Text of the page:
Those are just the kind of sentiments we've often heard from Roger Scruton.
The advent of time warp technology offered to Knights of the British Empire has allowed this uniquely satisfying look at Sirs Gilbert and Sullivan's re-envisioning of fellow Sir Mix-A-Lot's Baby Got Back. O! What a joy it is for us to hear these three titans working in concert for the first time, and hopefully not the last. #
How fast are you gonna run? As fast as a leopard.
Old Dominion Tory notes Anzac Day was observed yesterday with remembrances in Australia and New Zealand.
A few years back Joanne Jacobs posted a tribute to her grandfather on the occasion (scroll down to April 25):
Once again, we come to ANZAC Day, and remember the efforts of those who have fought in wars. I thought this year I'd include a picture of my maternal grandfather, who fought at Gallipoli this day, 89 years ago. Edward Jones was just 20 years old when he was faced with the horrors of war. And for me, that's what today is all about: not glorifying war as some patriotic imperative that defines masculinity or national pride, but a time to give thanks and to remember those who had to face such horror in order to provide their children and their children's children with a better life.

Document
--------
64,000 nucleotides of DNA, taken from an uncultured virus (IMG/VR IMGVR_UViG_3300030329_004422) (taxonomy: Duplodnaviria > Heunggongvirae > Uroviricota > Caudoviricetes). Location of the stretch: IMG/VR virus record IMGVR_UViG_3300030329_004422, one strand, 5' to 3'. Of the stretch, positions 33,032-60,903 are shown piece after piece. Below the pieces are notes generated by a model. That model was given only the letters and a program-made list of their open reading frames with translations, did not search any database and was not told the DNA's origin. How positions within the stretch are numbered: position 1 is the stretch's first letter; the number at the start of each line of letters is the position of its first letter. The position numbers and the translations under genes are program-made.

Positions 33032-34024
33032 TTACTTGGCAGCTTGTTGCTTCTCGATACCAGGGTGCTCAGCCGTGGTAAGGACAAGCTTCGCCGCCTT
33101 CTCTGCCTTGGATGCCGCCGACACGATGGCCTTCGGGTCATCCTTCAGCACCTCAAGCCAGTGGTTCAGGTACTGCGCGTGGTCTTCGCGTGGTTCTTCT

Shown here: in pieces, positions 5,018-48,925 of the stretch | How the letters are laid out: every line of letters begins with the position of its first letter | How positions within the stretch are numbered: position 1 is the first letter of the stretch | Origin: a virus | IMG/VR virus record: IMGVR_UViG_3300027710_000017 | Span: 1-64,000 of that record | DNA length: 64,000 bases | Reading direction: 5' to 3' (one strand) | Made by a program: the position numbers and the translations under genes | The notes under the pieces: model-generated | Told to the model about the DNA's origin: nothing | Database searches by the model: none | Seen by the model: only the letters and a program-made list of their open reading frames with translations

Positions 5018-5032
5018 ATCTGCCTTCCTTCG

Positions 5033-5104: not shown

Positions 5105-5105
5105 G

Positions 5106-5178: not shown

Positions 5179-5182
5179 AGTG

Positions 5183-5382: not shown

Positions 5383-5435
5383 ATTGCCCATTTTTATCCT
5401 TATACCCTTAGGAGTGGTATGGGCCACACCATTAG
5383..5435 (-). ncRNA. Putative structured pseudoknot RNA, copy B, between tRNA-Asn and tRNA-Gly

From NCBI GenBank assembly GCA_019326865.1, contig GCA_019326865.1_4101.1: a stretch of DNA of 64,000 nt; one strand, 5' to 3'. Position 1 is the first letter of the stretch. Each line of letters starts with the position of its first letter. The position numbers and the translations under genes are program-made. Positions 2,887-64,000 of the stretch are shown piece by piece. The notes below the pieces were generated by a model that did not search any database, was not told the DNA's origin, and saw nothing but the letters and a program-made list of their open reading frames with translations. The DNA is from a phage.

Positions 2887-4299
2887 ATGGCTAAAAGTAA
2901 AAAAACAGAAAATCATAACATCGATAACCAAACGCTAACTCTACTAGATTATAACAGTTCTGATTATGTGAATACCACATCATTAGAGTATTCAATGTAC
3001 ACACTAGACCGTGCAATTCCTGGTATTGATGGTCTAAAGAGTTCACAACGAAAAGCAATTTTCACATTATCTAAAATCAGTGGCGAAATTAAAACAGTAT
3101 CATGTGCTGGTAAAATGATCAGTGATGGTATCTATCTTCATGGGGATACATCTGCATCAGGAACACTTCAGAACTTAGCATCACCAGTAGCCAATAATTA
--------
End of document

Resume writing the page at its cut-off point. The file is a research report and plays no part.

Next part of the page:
Thanks to you, Grandpa, and to those like you, for being there for us. Lest we forget.
This is the case Sen. McCain makes for his candidacy:
I believe the transcendent issue of the primary, and the general [election], will be who is best equipped to fight this new challenge from radical Islamic extremism. I don't need any on-the-job training. I don't need time to develop. I'll hit the ground running. I may not be the president for all times, but I'm the president for these times.
At dotCommonweal, a post by Peter Nixon on a NY Times op-ed re the Pope prompts an interesting give-and-take in the comment box.
My take on the motu proprio, of course, is that BXVI may fire when ready, Gridley. How could it hurt to reclaim for the wider Church the Mass of the Ages that formed so many saints and inspired so much great art in God's name over so many centuries? Couldn't your neighborhood parish offer it once a month, or at least a few times a year?
I seem to recall Chesterton's remarking that the most important thing about the "Missing Link" was that it was missing... Which seems to be the case with the motu proprio that would restore wider use of the Tridentine Mass. It's still missing.